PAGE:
Ask Your Teacher to Tell Stories
In Sources of Power Gary Klein writes…
The method we have found most powerful for eliciting knowledge is to use stories. If you ask experts what makes them so good, they are likely to give general answers that do not reveal much. But if you can get them to tell you about tough cases, nonroutine events where their skills made the difference, they you have a pathway into their perspective, into the way they are seeing the world (p. 189).
Practicing and performing and gigging are problem solving. How do you work out that touch section? How do you get over stage fright? How do you organize a concert program? How do you book gigs?
The best advice I can give anyone is to find a local teacher or, if nobody is available locally, take webcam lessons. Teachers have short cuts and knowledge and, most of all, stories.
Klein is right that the best way elicit knowledge is through stories. Every time I write a post on The Classical Guitar Blog, I’m telling a story about what has worked for me. Or I’m telling you a story about what I do in the practice room or on stage. These are authentic stories I live every time I sit down with the guitar. Your teacher has just as many stories and just as much knowledge.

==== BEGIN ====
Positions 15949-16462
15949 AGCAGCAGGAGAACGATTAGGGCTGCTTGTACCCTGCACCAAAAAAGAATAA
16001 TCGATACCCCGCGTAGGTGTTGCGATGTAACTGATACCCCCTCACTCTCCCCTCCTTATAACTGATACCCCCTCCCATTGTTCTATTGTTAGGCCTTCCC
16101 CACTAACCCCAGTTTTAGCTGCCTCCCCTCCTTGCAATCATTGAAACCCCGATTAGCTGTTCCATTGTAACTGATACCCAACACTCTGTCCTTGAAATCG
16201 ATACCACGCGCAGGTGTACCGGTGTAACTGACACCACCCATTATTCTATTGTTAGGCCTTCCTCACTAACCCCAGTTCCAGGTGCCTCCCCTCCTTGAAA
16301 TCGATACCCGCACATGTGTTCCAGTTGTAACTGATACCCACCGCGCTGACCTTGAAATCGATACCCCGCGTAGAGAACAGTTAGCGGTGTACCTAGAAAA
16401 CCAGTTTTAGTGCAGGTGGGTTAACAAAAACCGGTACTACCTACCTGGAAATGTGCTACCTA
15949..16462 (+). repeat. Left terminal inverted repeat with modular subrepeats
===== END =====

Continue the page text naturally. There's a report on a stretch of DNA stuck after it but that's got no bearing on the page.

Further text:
So ask for those stories. Ask your teacher what she did the first time she performed. Ask him how he practiced that difficult bit in a piece, even if it’s not a piece you’re working on the lessons in those stories can often be applied to other works. Ask about their early years or playing and what they did to get better during them. You’ll be amazed at the responses you get.
The ability to communicate using stories to explain sometimes complex practical techniques is the hallmark of a good teacher. I have just been watching Barenboim on TV giving masterclasses on the Beethoven sonatas to young professional pianists. Although much of the theory goes right over my head, his insights on interpretation are immediately understandable thanks to Barenboim’s use of stories, anecdotes as well as practical tips and tricks. Since I am constantly on the move, it is difficult for me to find a guitar teacher, and hence I turn to your blog and other internet sources for inspiration and advice. You effectively manage to communicate your love of the instrument and your passion for teaching, so a glorious career should develop! Please keep up the good work.
Alan Learn And Master Guitar Guy
Bear in mind, we all respond to teaching methods differently. It is best to discover what kind of learning techniques are most suited to you and find the type of lessons that match. I do believe that when a student is told a story, they can use the vision to excel their performance.
Get More from Your Teacher
[…] Classical Guitar Blog has a an interesting post on asking your teacher to tell stories. The concept comes from a business book called Sources of Power. The idea is that If you ask […]